I’ve been thinking a lot about power recently. Not in a megalomaniacal, mwah ha ha kind of way but in a how does the mere concept of power affect our ability to lead from the middle kind of way.
- It started in a conversation about confidence in a recent group coaching session, and the way that our confidence can be affected by hierarchy or – more accurately – by interacting with people who we perceive to have greater power than our own.
- Then Zoe Routh’s monthly podcast was on books of power.
- Finally, this article about power pops into my inbox.
So, power is definitely in the air – but why does that matter to B-Suite Leaders?
Power is essential for IMPACT, and informal power is hard to pin-point.
Power is loosely defined as the ability to get other people to do what you want. Which sounds a bit Machiavellian but let’s face it, it’s core to influence, and influence is core to leadership.
Wielded poorly and you get a reputation for being manipulative, political or hierarchical. Wielded well and you achieve impact more easily. But how do you even know you have power – it’s often hard to identify your power when you’re in the B-Suite. And if you suspect you do have power, then where is that power coming from?
It turns out your power is coming from one of these 6 sources:
- Coercive (the power of negative consequences)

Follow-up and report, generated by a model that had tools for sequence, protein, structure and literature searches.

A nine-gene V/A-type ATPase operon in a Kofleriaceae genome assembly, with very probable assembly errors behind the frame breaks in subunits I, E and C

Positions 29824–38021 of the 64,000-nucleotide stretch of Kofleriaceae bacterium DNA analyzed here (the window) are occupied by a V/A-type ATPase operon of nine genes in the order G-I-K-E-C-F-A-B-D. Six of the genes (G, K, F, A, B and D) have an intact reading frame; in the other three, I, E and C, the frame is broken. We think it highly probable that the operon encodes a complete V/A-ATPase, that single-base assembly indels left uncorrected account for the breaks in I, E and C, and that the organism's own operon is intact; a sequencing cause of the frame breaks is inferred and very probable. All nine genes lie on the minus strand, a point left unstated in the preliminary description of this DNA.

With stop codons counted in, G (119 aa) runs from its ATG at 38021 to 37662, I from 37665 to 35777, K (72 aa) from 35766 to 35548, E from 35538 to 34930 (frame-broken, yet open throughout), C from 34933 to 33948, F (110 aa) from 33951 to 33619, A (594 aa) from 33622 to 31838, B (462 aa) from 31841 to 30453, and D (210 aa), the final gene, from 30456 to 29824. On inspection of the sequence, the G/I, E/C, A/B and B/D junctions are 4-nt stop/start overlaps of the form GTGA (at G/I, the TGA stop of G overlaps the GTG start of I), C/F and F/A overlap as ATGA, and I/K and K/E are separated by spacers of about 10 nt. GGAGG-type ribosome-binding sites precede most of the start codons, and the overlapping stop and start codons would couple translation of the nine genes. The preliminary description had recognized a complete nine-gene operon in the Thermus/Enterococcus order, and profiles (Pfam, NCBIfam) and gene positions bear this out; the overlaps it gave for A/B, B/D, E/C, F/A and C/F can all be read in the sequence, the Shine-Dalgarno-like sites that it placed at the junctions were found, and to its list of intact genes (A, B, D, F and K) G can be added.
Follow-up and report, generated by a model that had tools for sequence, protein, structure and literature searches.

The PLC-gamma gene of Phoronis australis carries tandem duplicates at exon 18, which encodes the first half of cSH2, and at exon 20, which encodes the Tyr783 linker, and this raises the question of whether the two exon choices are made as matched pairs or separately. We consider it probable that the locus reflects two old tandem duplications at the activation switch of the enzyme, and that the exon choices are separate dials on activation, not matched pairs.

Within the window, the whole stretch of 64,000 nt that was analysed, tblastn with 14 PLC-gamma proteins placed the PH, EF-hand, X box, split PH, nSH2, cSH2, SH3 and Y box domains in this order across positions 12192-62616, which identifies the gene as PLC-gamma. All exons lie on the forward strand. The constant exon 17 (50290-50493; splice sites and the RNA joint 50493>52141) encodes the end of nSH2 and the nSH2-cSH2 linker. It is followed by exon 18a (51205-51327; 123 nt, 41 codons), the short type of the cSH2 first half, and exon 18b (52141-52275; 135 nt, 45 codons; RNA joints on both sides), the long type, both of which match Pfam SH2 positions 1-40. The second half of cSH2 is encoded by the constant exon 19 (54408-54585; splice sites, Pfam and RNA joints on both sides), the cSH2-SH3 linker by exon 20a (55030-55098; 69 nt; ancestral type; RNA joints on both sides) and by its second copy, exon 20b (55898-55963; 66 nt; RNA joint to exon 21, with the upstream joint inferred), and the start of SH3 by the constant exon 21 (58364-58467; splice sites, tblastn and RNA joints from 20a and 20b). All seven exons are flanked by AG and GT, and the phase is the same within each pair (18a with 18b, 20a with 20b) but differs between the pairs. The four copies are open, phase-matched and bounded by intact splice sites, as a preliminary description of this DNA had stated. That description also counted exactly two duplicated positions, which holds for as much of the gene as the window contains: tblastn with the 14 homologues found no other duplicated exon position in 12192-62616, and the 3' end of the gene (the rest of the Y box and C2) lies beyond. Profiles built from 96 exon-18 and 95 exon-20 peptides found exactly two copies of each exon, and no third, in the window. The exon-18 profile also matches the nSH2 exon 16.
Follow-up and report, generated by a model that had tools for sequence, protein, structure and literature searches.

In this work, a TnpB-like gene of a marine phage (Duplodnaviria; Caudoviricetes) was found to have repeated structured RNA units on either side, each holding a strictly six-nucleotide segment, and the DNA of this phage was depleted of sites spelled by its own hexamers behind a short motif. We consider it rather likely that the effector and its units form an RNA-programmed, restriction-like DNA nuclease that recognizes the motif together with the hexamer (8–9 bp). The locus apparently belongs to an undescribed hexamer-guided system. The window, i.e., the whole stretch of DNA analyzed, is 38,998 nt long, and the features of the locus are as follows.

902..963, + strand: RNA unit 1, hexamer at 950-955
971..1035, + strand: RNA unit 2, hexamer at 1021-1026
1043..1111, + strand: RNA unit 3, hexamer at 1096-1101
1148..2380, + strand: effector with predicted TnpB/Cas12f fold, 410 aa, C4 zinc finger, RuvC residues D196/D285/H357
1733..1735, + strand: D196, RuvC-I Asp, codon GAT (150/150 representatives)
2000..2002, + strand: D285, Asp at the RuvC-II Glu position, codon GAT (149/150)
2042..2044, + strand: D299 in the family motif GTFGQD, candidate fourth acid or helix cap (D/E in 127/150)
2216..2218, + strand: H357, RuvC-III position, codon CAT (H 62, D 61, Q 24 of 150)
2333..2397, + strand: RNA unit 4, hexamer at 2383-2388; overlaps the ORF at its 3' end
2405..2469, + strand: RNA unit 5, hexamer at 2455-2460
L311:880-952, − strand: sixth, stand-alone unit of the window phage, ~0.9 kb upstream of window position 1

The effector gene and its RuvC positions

- Reward (the power of positive consequences)
- Legitimate (the power given to you by hierarchy, rank or responsibility)
- Referent (the power bestowed upon you by those who want to be like you)
- Expert (the power of knowing the most)
- Informational (the power of controlling important information)
We unconsciously attribute power in every interaction we have; that’s why it can easily affect our confidence in each individual interaction. Sometimes we will speak up and push back and other times we are more careful or reserved. It’s why being brushed off by a peer can feel so disempowering, and sometimes why we offend others without even knowing it.
Power is something that is most often mis-attributed (you assume someone has more power than they actually do), mis-used (there’s always a handful of leaders in your organisation using power to their own advantage), under-used (far more leaders who don’t leverage their power for the greater good) or un-recognised (every B-Suite leader has far more power than they think they do.)
- Recognising and using your power deliberately and for good is an important part of Levelling up your Leadership and achieving more personal impact. For more on this, ask me about my Level Up program, or join our next round table.
- Power play is core to leadership team dynamics and can easily cause combative cultures, reputational damage and even toxicity – and it’s an area where we often need help to unpack and reset team dynamics for greater impact. For more on this ask me about my PlayNice program or join our next round table.